BOSTON (TheStreet) -- In an accelerating economic recovery, technology stocks tend to outperform. But the popularity of the sector is deterring many investors. Momentum technology stocks, such as F5 Networks (FFIV), which plunged 23% last week, are volatile. Still, technology is the highest-rated U.S. sector for 2011, based on analysts' mean ratings. Researcher Jefferies favors the following six stocks, which it expects to outperform the market over 12 months. Below, they are ordered by predicted upside, from plenty to most.
4. Concur Technologies ( CNQR) is a niche software company, focusing on the business travel market. Its programs track employee expense purchases, ensuring accuracy and validity, reviewing the charges and then reimbursing employees, all through a mobile application. Its different software offerings are sold to small-, medium- and large-businesses. In the past three years, Concur has grown its revenue 31%, annually, on average, and amplified net income 36% a year, on average. On Jan. 13, Concur announced plans to acquire TripIt, a provider of mobile trip management solutions, for $82 million. TripIt's revenue is modest and the deal will hamper the operating margin. Still, it offers a growth venue. Jefferies believes that Concur will "be able to achieve the growth acceleration that management implies for 2011, which will be a scarce asset." Its $58 target suggests a one-year gain of 22%. However, the stock is priced for growth, commanding a forward P/E of 46 and a cash flow multiple of 34, 96% and 77% premiums to software industry averages. Jefferies is among the few bulls on Concur. Just six, or 24%, of researchers in coverage rate the stock "buy." Goldman Sachs, ranking it "neutral", offers a lofty $65 target.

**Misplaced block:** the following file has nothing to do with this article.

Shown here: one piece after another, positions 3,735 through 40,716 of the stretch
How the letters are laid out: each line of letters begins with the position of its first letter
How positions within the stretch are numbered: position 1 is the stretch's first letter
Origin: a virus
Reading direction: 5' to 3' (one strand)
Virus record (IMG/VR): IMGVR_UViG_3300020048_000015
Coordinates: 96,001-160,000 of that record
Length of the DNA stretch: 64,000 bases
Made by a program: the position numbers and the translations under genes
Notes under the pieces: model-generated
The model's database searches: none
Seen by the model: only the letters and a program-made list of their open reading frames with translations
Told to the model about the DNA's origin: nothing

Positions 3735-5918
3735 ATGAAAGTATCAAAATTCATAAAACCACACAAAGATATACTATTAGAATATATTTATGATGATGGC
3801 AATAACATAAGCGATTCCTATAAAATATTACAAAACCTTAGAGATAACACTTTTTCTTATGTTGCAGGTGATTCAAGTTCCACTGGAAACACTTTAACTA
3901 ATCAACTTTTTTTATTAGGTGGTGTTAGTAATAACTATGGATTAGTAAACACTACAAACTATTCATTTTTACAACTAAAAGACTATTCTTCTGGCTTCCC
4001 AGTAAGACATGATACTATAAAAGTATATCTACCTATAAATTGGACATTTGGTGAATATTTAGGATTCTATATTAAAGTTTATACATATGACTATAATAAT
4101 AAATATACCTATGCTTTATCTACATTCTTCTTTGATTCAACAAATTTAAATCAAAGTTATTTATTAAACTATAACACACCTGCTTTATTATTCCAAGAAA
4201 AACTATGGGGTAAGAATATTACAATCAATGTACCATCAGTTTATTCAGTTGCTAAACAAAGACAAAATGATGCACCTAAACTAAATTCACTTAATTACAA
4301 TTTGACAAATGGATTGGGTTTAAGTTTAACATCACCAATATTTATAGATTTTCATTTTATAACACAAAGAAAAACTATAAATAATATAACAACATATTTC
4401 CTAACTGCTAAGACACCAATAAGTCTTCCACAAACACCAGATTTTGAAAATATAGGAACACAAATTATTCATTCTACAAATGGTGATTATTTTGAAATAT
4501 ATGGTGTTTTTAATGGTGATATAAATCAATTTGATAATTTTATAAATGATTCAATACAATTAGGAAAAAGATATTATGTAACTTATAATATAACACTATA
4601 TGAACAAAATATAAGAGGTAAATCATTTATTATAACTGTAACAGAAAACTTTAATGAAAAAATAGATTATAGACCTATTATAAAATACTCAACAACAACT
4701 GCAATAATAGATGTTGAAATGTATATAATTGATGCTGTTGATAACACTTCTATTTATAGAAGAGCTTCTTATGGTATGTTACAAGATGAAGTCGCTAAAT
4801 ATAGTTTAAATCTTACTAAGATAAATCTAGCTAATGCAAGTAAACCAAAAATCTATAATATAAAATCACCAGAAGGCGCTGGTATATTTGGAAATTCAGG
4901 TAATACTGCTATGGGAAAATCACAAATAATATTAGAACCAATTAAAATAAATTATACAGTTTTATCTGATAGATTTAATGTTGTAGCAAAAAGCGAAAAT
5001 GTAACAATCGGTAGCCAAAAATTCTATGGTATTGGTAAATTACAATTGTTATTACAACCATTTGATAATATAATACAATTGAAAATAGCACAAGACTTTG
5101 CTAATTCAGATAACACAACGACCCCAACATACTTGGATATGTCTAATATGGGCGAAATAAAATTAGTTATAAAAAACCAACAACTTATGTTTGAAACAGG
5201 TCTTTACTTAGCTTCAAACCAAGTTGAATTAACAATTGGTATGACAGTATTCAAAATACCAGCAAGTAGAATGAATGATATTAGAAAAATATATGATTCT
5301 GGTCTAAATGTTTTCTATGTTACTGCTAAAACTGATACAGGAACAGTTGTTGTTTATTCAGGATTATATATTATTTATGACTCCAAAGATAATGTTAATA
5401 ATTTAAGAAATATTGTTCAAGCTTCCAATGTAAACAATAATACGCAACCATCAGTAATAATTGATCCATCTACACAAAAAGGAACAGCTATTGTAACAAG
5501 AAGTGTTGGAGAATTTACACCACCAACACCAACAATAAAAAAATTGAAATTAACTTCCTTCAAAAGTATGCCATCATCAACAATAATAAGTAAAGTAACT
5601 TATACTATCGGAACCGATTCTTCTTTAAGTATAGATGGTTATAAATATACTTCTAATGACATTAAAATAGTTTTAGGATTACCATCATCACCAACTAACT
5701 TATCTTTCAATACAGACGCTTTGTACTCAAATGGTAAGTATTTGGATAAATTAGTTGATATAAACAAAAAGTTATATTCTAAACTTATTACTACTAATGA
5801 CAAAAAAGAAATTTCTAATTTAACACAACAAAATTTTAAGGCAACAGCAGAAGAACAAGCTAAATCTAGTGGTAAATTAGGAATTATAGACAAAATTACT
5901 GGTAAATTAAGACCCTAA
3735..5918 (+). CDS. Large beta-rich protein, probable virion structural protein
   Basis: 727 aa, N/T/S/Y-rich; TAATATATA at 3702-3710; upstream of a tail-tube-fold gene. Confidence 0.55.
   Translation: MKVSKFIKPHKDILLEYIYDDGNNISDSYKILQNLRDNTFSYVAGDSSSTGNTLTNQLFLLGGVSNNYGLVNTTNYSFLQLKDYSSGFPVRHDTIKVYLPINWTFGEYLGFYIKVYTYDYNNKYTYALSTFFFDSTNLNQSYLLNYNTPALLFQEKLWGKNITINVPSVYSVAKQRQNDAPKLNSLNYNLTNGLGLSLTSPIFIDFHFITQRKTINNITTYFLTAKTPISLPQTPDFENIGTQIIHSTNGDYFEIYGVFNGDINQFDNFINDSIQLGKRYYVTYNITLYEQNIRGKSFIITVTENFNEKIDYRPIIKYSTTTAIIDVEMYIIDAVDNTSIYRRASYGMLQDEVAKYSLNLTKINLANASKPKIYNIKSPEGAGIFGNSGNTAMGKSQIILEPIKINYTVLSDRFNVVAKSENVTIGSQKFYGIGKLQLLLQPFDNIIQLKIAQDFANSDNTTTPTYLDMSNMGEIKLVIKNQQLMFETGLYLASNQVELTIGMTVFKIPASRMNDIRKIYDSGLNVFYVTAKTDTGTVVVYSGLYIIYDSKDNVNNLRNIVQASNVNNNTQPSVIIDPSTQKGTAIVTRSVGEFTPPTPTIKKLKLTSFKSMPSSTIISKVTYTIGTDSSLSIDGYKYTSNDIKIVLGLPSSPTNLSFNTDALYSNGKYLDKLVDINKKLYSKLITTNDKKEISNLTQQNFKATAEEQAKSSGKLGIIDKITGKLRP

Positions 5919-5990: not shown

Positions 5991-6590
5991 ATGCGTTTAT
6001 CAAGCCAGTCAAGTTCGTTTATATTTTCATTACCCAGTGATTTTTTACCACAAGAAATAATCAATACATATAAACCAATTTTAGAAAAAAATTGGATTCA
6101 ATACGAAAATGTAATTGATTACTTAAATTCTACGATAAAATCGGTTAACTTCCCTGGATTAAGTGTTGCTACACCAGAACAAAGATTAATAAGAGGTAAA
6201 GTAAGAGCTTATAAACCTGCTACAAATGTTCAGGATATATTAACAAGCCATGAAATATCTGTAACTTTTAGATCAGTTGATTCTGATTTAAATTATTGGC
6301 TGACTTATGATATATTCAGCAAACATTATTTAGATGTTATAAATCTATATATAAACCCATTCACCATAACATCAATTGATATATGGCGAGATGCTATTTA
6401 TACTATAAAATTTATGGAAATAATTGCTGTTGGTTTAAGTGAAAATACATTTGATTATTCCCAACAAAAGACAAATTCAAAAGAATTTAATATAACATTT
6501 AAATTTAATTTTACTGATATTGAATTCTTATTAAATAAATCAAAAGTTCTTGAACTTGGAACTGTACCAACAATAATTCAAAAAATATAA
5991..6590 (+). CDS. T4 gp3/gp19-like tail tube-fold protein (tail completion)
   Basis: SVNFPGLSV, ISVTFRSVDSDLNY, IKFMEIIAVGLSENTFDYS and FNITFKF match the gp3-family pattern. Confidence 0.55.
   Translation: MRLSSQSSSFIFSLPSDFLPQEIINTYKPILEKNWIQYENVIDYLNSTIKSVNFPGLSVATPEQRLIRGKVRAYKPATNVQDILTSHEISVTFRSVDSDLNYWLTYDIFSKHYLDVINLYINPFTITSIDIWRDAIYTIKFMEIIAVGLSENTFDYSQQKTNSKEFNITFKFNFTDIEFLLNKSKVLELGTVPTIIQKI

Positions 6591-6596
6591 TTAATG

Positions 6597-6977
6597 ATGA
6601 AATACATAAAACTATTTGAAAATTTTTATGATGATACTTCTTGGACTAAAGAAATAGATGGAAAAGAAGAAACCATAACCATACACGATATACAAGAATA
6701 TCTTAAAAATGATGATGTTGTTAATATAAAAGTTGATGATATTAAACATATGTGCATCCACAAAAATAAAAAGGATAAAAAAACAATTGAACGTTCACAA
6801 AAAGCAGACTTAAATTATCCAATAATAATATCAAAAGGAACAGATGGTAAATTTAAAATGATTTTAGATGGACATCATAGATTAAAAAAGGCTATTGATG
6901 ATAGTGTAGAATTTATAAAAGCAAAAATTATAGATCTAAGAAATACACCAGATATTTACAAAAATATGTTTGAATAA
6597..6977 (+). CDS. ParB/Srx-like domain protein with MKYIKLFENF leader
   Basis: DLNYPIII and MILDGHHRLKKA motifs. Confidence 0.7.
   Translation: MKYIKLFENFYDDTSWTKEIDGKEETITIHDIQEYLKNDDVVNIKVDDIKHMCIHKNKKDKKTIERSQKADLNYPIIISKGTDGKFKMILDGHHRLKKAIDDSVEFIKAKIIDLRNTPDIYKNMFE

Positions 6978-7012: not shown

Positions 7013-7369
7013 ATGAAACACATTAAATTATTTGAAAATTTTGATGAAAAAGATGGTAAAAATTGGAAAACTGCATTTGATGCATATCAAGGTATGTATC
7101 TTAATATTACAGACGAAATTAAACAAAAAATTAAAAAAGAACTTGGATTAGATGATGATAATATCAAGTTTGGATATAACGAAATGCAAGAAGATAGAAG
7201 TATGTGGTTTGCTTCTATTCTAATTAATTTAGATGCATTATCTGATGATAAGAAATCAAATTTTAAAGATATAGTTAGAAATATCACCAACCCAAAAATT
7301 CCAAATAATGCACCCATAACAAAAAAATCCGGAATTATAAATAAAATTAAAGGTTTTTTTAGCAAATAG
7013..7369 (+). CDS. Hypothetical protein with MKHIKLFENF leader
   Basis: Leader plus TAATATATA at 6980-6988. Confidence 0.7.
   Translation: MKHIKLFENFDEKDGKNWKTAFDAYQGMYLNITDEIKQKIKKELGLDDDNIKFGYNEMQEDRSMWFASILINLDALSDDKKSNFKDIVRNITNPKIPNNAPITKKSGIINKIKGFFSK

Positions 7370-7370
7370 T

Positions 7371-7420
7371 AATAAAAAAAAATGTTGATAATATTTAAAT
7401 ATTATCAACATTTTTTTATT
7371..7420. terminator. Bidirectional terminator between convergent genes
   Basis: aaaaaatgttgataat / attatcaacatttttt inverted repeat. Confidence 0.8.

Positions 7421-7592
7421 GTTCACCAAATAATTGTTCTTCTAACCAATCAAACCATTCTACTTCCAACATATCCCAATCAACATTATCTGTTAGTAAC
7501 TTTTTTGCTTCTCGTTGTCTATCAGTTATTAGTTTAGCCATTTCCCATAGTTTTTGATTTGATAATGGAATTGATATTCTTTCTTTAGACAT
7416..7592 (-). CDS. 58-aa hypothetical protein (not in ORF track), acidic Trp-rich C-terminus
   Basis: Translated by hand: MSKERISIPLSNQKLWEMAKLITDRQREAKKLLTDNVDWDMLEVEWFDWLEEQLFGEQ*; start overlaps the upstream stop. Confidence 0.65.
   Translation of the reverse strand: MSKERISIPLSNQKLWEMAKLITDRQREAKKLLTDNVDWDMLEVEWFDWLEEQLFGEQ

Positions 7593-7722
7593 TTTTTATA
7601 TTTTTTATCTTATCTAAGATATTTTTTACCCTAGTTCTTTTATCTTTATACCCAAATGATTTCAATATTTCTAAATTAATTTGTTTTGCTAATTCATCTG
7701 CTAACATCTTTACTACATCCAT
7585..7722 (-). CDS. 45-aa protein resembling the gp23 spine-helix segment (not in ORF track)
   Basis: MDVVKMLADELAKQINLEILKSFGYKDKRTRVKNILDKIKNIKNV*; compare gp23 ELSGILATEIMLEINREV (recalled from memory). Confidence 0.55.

2. Google ( GOOG) owns the world's most popular search engine. Once a top-performing tech stock, Google gained 11% in 12 months and is flat over a three-year span, which seems strange, considering that it grew net income by 26% a year, on average, over that period. As the company grew, its stock multiples contracted, thus it is now at an historical discount, costing 23-times trailing earnings, compared to a five-year average of 32. Google reported quarterly results last week, beating the consensus adjusted earnings estimate by 8.3% and the sales target by 5.1%. It exceeded the historical beat rates of 5.9% and 3%. However, the recent announcement that Eric Schmidt will be stepping down as CEO and transitioning to executive chairman so that Larry Page can take the helm has upset some investors. Schmidt will supposedly focus on mergers and acquisitions, a worthwhile endeavor, considering the company carries nearly $32 billion of net liquidity (cash minus debt). Jefferies boosted its 12-month price target to $800 in response to Google's solid fourth-quarter numbers. It has the highest projection on the Street. UBS is next highest, with a $780 12-month mark. An impressive 84% of researchers rate Google's stock "buy."